SM:

Absolutely. Sometimes he was overshadowed, because he played with other great players. He was easily one of the most talented players I ever played. Tough, did a lot of things on the basketball court.

PO:

Sometimes when players go to other club, and a city, their career change. When I look at Terry Cummings from his period in Bucks, and compare it with his time in Spurs, it looks like he was there a different player. What did happen?

SM:

If you look at Terry Cummings, but LA Clippers first, and look you numbers when he played for them, he was one of the best forwards in the NBA at that time. In Bucks we had a different roster, and his role was different. In San Antonio coaching and players were different, offensive strategy was different, and he had to sacrifice his offensive ability for the team.

PO:

You won two, consecutive DPOY awards, in 1982-83, and 1983-84. What was your secret for such a successful defense?

SM:

I think preparation, and playing in solid defensive system prepared by coach Nelson and his assistants. Crucial was also our effort on every position, and that is why I became a very successful defensive player. It had started in high school, and developed in college.

PO:

What is your top 3 rating for players who were tough to guard?

SM:

I had to guard Michael Jordan, or Andre Toney, both tough to guard. If I got back and looked at the roster of all players I played against, there would be more than three. I played so long that I really don’t remember a lot.

PO:

I guess that for sure you would appear in this rating if Michael Jordan would prepare it.

SM:

He could do whatever he wanted to. With great offensive players all you could do is to make it difficult to them as much as possible.

PO:

How do you remember your All-Star Game appearances? Just fun, or you focus to win a game?

SM:

I don’t like All-Star Games, and when I was selected there I was never rocked in. However, we wanted to play at high level, because you were tried to win a game. You were paid extra money if you won, but if you couldn’t make it if weren’t played hard (laugh) We played our best basketball, because we didn’t want to lose.

PO:

You played in All-Star Game with your colleague, Marques Johnson. All-Star caliber forward, 5 times in All-Star Game, still not in the Hall of Fame. Do you think this is, what we could call, small market club syndrome?

SM:

I don’t know. I would say now we have the Internet, the game is more international, and it’s not a big difference to be in the small market. But, you are correct, when I played in Milwaukee smaller markets didn’t get the same attention than the larger markets, like New York or Los Angeles. It was certainly different. But I played in Milwaukee, got my opportunity and I am in Hall of Fame, Marques Johnson will be in Hall of Fame.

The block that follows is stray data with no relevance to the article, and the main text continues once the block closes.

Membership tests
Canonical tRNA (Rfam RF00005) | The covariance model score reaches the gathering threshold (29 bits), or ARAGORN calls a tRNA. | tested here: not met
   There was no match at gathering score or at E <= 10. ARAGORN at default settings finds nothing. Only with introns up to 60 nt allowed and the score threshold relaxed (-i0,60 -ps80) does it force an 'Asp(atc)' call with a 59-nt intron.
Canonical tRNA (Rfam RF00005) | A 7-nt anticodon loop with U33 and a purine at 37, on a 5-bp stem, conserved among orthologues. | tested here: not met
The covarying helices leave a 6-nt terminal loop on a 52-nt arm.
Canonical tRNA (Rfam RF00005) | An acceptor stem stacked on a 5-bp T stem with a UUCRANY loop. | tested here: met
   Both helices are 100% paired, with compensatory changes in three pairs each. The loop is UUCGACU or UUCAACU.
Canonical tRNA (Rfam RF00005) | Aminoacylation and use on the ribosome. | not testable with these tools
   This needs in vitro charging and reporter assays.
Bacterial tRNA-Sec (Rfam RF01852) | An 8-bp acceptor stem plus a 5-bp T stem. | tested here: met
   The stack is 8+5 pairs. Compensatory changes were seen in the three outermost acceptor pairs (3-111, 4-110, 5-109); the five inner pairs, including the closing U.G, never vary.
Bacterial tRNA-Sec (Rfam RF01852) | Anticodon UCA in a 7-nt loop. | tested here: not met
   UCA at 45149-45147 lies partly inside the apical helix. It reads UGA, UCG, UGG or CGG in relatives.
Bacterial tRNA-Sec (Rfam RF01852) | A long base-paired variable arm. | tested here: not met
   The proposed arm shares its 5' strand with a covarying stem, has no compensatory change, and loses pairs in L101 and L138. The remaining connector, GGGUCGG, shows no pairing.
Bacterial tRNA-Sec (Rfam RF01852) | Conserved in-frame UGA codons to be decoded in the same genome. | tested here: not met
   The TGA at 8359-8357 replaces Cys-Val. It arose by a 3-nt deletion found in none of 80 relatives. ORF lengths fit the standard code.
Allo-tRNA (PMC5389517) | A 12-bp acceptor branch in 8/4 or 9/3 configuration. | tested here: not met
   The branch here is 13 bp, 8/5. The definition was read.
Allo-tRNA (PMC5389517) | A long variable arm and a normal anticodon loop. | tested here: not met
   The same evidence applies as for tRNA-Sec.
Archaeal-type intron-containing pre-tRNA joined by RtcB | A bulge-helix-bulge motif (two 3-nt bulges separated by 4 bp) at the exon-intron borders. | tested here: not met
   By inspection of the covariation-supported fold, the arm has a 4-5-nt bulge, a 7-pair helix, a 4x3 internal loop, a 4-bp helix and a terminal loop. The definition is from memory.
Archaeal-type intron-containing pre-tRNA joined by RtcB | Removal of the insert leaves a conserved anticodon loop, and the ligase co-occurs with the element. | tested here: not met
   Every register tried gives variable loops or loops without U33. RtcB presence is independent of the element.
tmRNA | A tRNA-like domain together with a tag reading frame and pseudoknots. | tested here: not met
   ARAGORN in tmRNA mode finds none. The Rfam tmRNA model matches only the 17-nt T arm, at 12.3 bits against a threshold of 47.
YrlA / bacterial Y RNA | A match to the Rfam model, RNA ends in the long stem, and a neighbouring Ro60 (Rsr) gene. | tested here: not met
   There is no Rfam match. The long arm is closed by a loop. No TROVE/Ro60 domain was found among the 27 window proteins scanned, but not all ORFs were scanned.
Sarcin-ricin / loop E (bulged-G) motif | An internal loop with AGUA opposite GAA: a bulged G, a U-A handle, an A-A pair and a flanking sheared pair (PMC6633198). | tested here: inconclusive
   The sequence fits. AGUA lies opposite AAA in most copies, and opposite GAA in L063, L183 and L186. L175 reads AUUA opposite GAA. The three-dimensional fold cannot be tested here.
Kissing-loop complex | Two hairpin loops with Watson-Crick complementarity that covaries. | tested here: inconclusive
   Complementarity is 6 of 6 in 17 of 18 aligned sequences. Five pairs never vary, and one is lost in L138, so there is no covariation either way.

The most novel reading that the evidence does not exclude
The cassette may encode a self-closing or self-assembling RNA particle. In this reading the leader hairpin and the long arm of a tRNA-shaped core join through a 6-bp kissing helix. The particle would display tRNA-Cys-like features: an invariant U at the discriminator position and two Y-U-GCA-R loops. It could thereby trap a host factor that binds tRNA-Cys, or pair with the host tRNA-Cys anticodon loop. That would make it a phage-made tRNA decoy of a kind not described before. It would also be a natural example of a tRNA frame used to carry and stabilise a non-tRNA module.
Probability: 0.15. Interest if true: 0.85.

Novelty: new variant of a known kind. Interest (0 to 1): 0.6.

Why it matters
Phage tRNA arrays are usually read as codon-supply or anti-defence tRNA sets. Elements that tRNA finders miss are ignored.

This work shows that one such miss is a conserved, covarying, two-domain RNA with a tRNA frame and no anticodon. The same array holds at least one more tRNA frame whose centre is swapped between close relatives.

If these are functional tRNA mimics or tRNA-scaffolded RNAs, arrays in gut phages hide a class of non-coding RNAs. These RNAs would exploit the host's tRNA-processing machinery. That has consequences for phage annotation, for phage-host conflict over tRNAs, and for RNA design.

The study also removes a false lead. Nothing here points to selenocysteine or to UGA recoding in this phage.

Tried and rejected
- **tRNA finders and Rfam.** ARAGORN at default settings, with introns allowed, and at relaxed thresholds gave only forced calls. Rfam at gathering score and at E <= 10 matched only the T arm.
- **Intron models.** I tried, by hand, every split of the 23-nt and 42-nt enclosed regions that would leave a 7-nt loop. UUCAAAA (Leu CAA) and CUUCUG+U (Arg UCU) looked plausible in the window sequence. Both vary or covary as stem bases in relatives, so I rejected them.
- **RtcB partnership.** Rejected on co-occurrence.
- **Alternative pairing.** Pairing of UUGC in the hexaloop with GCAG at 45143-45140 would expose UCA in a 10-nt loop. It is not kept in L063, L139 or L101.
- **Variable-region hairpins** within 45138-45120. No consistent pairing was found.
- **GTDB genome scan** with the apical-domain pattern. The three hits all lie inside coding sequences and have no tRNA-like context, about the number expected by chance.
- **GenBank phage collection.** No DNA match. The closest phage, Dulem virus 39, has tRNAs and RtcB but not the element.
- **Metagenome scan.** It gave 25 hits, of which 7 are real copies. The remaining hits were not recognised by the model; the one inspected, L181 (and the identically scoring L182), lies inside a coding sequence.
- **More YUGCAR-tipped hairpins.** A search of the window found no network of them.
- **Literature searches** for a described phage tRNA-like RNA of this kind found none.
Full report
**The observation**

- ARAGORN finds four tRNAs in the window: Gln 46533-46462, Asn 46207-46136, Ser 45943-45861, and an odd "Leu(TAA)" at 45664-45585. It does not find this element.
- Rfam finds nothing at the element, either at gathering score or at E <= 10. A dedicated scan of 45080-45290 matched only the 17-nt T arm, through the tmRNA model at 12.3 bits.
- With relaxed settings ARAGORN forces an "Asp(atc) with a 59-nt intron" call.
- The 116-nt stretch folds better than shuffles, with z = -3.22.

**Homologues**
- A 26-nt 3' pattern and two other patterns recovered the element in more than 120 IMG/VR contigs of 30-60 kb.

PO:

You had a very good team in 80s. Only Celtics and Lakers had more winning %. Each year with you in the roster Bucks reached play-offs. Even three times you were in Eastern Conference Finals. Do you feel ‘a victim’ of 76ers and Celtics eras?

SM:

Yes, I think there always would be a case for a team were the team was just close, but the other team was better. That was with Celtics and 76ers in 80s. If you look at winning % it shows that our roster was good, but there were better teams.

PO:

When I look at the Bucks roster from 80s, I see a very good team, great coach, All-Star caliber players, a lot of important role players, the defense which could stop the best league talents, like Jordan, Erving, or Bird. What was the main reason Milwaukee Bucks didn’t won Championship, or even played in NBA Finals?

SM:

Our opponents had a better players, deeper bench. Sometimes is not healthy, or size of the market. There is no difference in the 80s or now.Our opponents had a better players, deeper bench. Sometimes is not healthy, or size of the market. There is no difference in the 80s or now.

PO:

What does it mean being in Hall-of-Fame for Sidney Moncrief?

SM:

I still try to figure it out, that I am in a group of the best of basketball players in the world. I always thought that my college career was overlooked somewhere, based on winning percentage. When you take my college and NBA career being in Hall of Fame is a very good resume. My feeling about being Hall of Famer? Certainly pride, appreciative, grateful, but I am not sure about it.

PO:

How do you find current Milwaukee Bucks chances to win NBA title in the next 2-3 years?

SM:

Absolutely. I don’t like to judge team in November or December, I like to see how the team will play in April and May. The thing is how they put things together. They have got extremely dominate player in Giannis, and I like they chances.

PO:

Currently, which NBA player has got style similar to yours?

SM:

No one. There are different types of greatness. I think players has got unique styles of how they play the game. The same is with me. I had the unique style.

PO:

Thank you for the interview